Can a Psychiatrist Help in a Medical Emergency?

Can a Psychiatrist Help in a Medical Emergency?

Mental health problems have escalated in recent years. They become especially pronounced during public calamities like the current COVID-19 pandemic. Thus, the need arises for the presence of a support system that can help affected people. There are various models for addressing psychiatric emergencies, which follow the same general rules, particularly when making psychiatric services easily accessible.

 

Medical emergencies are situations where a person has a high likelihood of dying and need immediate intervention. There’s a need to avail a psychiatric emergency service that imparts treatment and support round the clock in such a situation. It is because there is no particular time for such an emergency to occur. The most common emergencies are suicidal behaviour, depressive episodes, severe self-harm, self-neglect, acutely impaired judgement, intoxication, and psychomotor agitation.

 

What Psychiatrists Do During an Emergency

Patients in emergency situations lack good judgement. Hence, they are often brought to medical professionals by friends and family members. Astute psychiatrists can easily recognise mental health emergencies during routine outpatient care. Patients can inform about their inability to stay safe, either voluntarily or as elicited by the psychiatrist.

 

The whole procedure of safely assessing and resolving a psychiatric emergency starts way before the patient enters. An essential consideration is the physical environment and well-trained staff. To determine if a patient is dangerous, the focus is on factors that can increase the risk of unintentional or intentional harm to oneself and those around.

 

Initial assessment

A psychiatrist has two primary responsibilities: maintenance of the physical well-being of all those in the facility and assessing the patient’s mindset for suitable follow-up treatment. The preservation of staff safety and the protection of other patients depends on the situation. Suppose a patient is severely depressed or quietly delirious. In that case, they can be referred to a separate place or room for the necessary evaluation. Contrary to this, if a person is psychotic and unpredictable, they can be harmful to other individuals around if they are cornered.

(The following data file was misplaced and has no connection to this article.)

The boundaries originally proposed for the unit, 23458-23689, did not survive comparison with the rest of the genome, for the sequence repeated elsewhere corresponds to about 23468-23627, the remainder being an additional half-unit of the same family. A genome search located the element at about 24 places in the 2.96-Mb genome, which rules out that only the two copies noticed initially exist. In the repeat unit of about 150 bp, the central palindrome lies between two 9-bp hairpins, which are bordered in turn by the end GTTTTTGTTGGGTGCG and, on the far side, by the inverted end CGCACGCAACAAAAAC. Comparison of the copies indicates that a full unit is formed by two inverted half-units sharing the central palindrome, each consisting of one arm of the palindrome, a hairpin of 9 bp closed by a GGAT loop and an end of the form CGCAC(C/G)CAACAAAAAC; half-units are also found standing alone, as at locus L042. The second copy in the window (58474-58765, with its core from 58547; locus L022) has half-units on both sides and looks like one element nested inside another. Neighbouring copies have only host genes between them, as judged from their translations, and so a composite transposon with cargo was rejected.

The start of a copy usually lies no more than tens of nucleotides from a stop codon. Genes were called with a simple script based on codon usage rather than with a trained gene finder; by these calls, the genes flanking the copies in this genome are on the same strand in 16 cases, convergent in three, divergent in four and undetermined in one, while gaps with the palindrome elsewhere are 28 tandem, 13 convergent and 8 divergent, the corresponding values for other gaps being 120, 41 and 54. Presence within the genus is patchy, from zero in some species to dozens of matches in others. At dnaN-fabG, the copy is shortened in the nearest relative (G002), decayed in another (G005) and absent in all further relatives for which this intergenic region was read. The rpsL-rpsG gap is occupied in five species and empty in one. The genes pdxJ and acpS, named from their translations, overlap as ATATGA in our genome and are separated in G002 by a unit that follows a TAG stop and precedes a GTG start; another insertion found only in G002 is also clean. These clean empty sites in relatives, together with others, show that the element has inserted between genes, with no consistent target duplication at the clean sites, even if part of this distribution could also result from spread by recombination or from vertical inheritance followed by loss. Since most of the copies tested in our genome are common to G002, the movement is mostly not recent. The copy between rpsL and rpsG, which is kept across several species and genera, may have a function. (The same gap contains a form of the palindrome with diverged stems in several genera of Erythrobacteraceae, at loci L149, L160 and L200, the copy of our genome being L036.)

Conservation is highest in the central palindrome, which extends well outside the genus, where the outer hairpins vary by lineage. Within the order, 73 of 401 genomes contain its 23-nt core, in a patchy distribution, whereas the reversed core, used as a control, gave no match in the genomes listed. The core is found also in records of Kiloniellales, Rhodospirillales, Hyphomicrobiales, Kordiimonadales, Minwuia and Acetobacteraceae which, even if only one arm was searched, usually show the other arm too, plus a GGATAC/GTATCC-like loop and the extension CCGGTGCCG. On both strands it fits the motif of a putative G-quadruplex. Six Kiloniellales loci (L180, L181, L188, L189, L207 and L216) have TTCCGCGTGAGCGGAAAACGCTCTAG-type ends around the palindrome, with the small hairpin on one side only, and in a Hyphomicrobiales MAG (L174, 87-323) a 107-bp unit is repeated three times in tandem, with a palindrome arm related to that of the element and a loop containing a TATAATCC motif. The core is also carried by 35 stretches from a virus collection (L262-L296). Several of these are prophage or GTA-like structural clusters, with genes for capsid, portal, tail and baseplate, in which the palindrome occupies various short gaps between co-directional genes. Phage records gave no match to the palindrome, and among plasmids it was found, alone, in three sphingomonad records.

The initial evaluation should concentrate on variables that increase the person’s risk of unintentional or intentional danger.

 

Quick management

If a person is agitated, the psychiatrist finds out how that person should be occupied. The evaluation place is kept clear of things like cords, lamps, or seating units that the patient can use as potential weapons. The importance of creating a safe environment increases if a person can become easily agitated.

 

If an agitated individual is not responding to any intervention, there’s a need for more evaluation. If a patient tells their suicidal ideation, the psychiatrist questions them to find out the risk involved. Important factors here are the regularity of suicidal thoughts and the capability of the person to redirect them.

 

Follow-up support

The psychiatrist who is referring a person to an ED should contact it with all the details about the patient’s status and treatment recommendations. Similarly, the treatment provider who is in the ED and is aware of the outpatient care of the person should dispatch a report about the treatment plan of the ED to the referring clinician. All these reports should be completed while keeping the privacy of the patient in mind.

 

If the person is not referred to an ED, the outpatient psychiatrist is responsible for their care. They should be provided with necessary medications and other interventions required to prevent an emergency relapse.

 

Emergencies are acute elevations in a person’s risk of danger to either themself or others. In a crisis situation, the treating provider is very much accountable for the assessment of the concerning behaviour.

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